PharmacoEconomics 03/2010; 28(3):185-99. · 2.86 Impact Factor
  • Source
    Denis Getsios, Steve Blume, K Jack Ishak, Grant D H Maclaine
    [Show abstract] [Hide abstract]
    ABSTRACT: Recommendations in the UK suggest restricting treatment of Alzheimer's disease with cholinesterase inhibitors, on cost-effectiveness grounds, to patients with moderate cognitive decline. As the economic analyses that informed these recommendations have been the subject of debate, we sought to address the potential limitations of existing models and produce estimates of donepezil treatment cost effectiveness in the UK using the most recent available data and simulation techniques. A discrete-event simulation was developed that predicts progression of Alzheimer's disease through correlated changes in cognition, behavioural disturbance and function. Patient-level data from seven randomized, placebo-controlled donepezil trials and a 7-year follow-up registry provided the basis for modeling longitudinal outcomes. Individuals in the simulation were assigned unique demographic and clinical characteristics and then followed for 10 years, with severity of disease tracked on continuous scales. Patient mix and costs were developed from UK-specific literature. Analyses were run for severity subgroups to evaluate outcomes for sub-populations with disease of mild versus moderate severity from both a healthcare payer and societal perspective. All costs are reported in pound, year 2007 values, and all outcomes are discounted at 3.5% per annum. Over 10 years, treatment of all patients with mild to moderate disease reduces overall direct medical costs by an average of over pound2300 per patient. When unpaid caregiver time is also taken into consideration, savings increase to over pound4700 per patient. Compared with untreated patients, patients receiving donepezil experience a discounted gain in QALYs averaging 0.11, with their caregivers gaining, on average, 0.01 QALYs. For the subset of patients starting treatment with more severe disease, savings are more modest, averaging about pound1600 and pound3750 from healthcare and societal perspectives, respectively. In probabilistic sensitivity analyses, donepezil dominated no treatment between 57% and 62% of replications when only medical costs were considered, and between 74% and 79% of replications when indirect costs were included, with results more favourable for treatment initiation in the mild versus moderate severity stages of the disease. Although the simulation results are not definitive, they suggest that donepezil leads to health benefits and cost savings when used to treat mild to moderately severe Alzheimer's disease in the UK. They also indicate that both benefits and savings may be greatest when treatment is started while patients are still in the mild stages of Alzheimer's disease.
    PharmacoEconomics 01/2010; 28(5):411-27. · 2.86 Impact Factor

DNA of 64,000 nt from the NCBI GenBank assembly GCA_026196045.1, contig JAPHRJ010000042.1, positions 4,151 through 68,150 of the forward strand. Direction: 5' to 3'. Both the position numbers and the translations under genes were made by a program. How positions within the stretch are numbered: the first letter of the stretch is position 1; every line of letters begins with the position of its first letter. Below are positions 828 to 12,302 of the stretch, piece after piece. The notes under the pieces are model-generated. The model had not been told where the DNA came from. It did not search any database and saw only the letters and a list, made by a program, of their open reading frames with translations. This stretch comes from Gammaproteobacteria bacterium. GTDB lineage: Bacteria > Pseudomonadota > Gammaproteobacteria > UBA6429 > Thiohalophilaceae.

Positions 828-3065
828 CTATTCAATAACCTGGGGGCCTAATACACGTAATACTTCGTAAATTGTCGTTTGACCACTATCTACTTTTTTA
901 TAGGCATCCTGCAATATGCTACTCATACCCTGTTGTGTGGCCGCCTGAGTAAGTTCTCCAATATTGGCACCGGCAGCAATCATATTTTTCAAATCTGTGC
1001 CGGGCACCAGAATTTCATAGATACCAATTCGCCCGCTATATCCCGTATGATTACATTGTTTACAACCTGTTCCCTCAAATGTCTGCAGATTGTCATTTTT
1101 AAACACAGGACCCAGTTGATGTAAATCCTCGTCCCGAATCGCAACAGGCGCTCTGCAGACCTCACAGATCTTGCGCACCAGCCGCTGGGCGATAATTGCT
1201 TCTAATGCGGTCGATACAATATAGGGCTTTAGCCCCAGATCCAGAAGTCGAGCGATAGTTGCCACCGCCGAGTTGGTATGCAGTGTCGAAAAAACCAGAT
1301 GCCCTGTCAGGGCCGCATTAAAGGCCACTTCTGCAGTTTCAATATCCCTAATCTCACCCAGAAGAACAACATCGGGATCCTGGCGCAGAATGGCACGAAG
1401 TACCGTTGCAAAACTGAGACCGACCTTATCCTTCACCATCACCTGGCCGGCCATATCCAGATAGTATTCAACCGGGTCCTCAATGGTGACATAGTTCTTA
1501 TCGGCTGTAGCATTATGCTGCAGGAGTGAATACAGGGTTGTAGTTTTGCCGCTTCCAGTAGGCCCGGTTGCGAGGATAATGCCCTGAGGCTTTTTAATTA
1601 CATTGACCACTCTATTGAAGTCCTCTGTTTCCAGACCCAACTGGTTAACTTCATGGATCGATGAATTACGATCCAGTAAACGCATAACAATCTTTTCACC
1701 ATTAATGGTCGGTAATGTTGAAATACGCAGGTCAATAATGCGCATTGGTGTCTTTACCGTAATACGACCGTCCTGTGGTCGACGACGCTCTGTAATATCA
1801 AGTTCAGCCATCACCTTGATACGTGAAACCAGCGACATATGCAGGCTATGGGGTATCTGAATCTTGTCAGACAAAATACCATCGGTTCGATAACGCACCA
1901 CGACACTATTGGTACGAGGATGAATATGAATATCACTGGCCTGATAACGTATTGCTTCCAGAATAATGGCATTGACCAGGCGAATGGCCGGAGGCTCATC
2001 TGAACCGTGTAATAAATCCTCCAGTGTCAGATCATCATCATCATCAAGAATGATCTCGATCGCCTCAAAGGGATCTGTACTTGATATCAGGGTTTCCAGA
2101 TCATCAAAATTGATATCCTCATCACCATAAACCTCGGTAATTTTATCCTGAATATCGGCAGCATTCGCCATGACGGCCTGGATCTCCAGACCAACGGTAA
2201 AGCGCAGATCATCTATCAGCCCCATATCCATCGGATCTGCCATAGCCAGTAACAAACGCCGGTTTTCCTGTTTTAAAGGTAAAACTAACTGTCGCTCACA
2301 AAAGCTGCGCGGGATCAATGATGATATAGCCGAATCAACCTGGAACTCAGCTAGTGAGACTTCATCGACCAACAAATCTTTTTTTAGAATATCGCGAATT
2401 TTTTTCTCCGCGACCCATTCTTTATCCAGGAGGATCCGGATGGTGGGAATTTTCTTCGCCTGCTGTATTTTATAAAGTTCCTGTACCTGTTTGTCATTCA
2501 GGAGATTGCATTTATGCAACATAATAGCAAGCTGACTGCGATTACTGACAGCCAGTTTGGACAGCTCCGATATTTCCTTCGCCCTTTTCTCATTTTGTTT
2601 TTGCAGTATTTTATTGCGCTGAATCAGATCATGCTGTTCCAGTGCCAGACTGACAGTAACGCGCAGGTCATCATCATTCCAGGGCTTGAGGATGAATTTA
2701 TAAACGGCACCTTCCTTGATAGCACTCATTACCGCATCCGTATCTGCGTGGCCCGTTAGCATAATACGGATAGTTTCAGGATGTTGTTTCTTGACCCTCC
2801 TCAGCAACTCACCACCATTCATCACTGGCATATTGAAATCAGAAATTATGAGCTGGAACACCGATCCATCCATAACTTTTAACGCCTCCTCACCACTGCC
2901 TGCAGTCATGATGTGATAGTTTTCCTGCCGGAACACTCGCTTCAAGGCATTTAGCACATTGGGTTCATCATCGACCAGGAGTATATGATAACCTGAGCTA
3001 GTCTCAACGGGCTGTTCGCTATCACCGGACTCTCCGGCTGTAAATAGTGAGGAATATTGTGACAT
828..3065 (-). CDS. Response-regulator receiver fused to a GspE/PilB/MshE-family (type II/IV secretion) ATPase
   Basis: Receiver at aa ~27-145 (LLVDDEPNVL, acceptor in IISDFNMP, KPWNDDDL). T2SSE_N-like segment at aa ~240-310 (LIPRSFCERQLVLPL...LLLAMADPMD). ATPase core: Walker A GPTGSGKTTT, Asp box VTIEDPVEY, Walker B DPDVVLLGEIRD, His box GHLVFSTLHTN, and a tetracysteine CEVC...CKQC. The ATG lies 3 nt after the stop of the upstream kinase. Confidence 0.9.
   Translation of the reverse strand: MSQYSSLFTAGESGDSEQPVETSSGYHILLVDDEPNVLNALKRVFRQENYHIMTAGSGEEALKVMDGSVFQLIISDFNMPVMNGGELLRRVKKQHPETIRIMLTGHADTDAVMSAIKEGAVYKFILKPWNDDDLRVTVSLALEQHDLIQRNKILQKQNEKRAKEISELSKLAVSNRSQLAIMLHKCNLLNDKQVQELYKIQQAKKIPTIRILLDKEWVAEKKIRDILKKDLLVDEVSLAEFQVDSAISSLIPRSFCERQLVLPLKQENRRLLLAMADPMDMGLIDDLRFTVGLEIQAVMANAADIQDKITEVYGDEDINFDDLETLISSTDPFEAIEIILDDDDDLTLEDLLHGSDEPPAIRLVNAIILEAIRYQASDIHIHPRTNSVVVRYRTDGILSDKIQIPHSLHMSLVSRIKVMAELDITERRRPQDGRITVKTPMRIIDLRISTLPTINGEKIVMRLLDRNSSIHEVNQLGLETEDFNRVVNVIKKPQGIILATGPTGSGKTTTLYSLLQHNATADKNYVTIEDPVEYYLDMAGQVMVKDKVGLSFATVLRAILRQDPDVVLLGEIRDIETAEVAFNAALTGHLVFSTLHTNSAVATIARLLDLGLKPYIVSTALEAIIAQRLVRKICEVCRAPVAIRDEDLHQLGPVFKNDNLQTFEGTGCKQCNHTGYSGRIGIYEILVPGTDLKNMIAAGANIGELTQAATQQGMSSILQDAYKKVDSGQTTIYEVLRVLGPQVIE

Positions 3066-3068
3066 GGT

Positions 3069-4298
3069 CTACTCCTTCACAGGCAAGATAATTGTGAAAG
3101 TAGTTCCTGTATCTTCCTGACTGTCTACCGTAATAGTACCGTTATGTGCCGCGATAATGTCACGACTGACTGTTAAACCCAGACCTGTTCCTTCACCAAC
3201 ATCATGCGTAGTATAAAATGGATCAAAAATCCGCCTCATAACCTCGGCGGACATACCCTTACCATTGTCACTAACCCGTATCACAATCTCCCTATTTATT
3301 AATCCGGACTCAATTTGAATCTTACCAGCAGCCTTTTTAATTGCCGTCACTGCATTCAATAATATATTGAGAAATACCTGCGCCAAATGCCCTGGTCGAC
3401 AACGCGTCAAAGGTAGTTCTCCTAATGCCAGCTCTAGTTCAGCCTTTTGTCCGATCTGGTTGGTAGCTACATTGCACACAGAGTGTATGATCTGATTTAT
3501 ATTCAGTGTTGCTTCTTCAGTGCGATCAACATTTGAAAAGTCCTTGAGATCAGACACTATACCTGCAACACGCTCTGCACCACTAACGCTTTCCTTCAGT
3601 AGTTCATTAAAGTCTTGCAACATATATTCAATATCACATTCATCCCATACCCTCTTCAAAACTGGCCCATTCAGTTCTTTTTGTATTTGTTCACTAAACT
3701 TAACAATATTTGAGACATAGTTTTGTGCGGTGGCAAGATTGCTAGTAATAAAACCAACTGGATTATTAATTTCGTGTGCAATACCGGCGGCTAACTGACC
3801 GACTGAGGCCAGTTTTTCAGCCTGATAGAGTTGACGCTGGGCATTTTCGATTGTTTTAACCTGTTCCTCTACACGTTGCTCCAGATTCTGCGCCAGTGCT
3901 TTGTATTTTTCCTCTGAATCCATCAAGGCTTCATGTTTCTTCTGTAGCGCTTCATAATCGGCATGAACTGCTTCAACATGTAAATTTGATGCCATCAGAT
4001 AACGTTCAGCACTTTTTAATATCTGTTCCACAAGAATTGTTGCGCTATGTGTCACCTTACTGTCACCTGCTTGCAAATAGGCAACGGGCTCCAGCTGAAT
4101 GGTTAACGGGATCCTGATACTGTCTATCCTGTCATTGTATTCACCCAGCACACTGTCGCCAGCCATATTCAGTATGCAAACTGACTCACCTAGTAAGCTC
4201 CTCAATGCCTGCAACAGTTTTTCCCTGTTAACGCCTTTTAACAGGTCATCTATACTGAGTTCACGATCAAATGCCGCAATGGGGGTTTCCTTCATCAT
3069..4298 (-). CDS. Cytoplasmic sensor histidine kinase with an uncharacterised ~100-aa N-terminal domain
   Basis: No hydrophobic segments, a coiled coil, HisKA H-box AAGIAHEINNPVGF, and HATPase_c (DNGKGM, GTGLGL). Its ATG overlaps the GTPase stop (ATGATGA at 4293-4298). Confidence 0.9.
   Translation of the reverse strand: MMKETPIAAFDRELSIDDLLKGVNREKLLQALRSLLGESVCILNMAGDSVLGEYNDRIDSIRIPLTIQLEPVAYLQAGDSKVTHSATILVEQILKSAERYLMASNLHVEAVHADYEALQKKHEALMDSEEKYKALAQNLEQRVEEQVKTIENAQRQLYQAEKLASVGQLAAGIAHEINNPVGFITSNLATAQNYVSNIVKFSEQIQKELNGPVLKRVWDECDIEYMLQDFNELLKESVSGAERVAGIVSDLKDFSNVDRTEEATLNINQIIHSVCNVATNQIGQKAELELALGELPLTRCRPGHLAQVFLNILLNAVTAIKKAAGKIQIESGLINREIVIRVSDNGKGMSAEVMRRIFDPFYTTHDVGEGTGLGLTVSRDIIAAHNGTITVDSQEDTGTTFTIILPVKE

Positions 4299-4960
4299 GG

• [Show abstract] [Hide abstract]
    ABSTRACT: There is an absence of data on public preferences for health states (HSs) associated with severe chronic pain. The aim of this study was to develop accurate HS descriptions for severe chronic pain requiring intrathecal (IT) therapy and to derive utility weights that describe the health-related quality of life (HRQL) impact of chronic pain associated with malignant (MP) and non-malignant (NMP) aetiologies. Eight visual analogue scale pain index (VAS-PI) HSs were defined using ranges 0-40, 41-60, 61-80 and 81-100 applied to both MP and NMP. Additionally, eight HSs representing common adverse events associated with IT therapy were identified. The content and description of the HSs were ascertained by interviews with five United Kingdom clinical experts. In total, 16 HSs were compiled. These HS descriptions and HS questionnaires were administered to 102 members of the public, utilising a time trade off (TTO) approach to estimate utilities for the HSs. Participants generally were well matched to the general public in England and Wales, with some differences in mean age, race and education. A substantial decline in utility was observed with more severe VAS-PI values. The mean TTO utility values also decreased from mild pain to severe pain. Participants were able to differentiate between the side effects. The study shows a clear decrement in utility moving from different severity levels of severe chronic pain.
    The European Journal of Health Economics 09/2009; 11(3):323-30. · 2.10 Impact Factor
  • Alzheimer's and Dementia 07/2009; 5(4). · 17.47 Impact Factor
  • D Getsios, S Blume, KJ Ishak, G MacLaine
    Value in Health 01/2009; 12(3). · 2.19 Impact Factor
  • D Getsios, S Blume, KJ Ishak, G MacLaine
    Value in Health 01/2009; 12(3). · 2.19 Impact Factor
  • D Getsios, S Blume, KJ Ishak, G MacLaine
    Value in Health 01/2009; 12(3). · 2.19 Impact Factor
  • Alzheimers & Dementia - ALZHEIMERS DEMENT. 01/2009; 5(4).
  • Benedict Á, PL Dale, G MacLaine, L Verdian
    Value in Health 01/2007; 10(6). · 2.19 Impact Factor
  • Value in Health 01/2007; 10(6). · 2.19 Impact Factor